Here it comes: Primary 2006
On Tuesday, we will find out which brave Democrats will face Bill Caul and Alan Cropsey in November. In light of that, here are a few things to keep in mind for the upcoming primary election:
Polls are open from 7 AM to 8 PM this coming Tuesday.
You will be allowed to vote in either the Democratic or Republican primary. You may only vote in one party’s section throughout the whole ballot; voting in the Republican US Senate primary and the Democratic State House primary, for example, will get your ballot voided. You may, however, vote in either party’s primary, regardless of your political leanings.
A section for nonpartisan races (i.e. judgeships) and city or county proposals might also appear on your ballot. You will be allowed to vote on these issues and offices regardless of which partisan section you choose to vote in.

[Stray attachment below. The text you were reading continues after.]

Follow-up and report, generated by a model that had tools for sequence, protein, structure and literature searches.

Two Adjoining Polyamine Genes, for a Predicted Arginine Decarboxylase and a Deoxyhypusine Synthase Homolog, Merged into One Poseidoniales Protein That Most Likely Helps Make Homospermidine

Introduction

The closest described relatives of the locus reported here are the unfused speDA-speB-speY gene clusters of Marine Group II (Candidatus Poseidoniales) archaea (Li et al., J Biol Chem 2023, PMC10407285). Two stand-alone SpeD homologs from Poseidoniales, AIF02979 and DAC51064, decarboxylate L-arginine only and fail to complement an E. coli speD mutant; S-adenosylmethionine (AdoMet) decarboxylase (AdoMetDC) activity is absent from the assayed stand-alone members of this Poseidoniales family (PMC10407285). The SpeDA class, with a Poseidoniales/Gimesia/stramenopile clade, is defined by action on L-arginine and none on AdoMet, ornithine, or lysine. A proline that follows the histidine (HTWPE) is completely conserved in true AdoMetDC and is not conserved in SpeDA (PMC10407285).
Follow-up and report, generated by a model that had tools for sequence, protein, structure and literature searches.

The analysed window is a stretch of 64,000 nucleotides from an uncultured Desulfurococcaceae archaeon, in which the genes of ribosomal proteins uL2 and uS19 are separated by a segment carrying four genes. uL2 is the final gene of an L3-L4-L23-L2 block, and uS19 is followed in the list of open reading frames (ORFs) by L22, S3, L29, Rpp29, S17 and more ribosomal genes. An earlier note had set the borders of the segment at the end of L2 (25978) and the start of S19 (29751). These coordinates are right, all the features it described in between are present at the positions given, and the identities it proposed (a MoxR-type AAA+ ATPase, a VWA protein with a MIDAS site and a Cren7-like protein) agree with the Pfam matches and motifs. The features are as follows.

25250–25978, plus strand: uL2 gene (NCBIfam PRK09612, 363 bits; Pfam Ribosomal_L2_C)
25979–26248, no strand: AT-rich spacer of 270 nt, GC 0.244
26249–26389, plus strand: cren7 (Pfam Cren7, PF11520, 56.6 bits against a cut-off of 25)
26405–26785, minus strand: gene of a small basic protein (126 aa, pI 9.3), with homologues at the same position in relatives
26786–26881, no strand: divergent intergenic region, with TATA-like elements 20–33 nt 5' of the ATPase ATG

Oh, and if you think voter turnout is low in November elections here in the US as opposed to other countries (which it obviously is), primary elections are even more pitiful. Only 1.6 million people - about 20% of the voting age population - voted in the 2002 primaries for governor. In contrast, almost 5 million people in Michigan voted for president in 2004, so your primary vote will have a relatively large impact.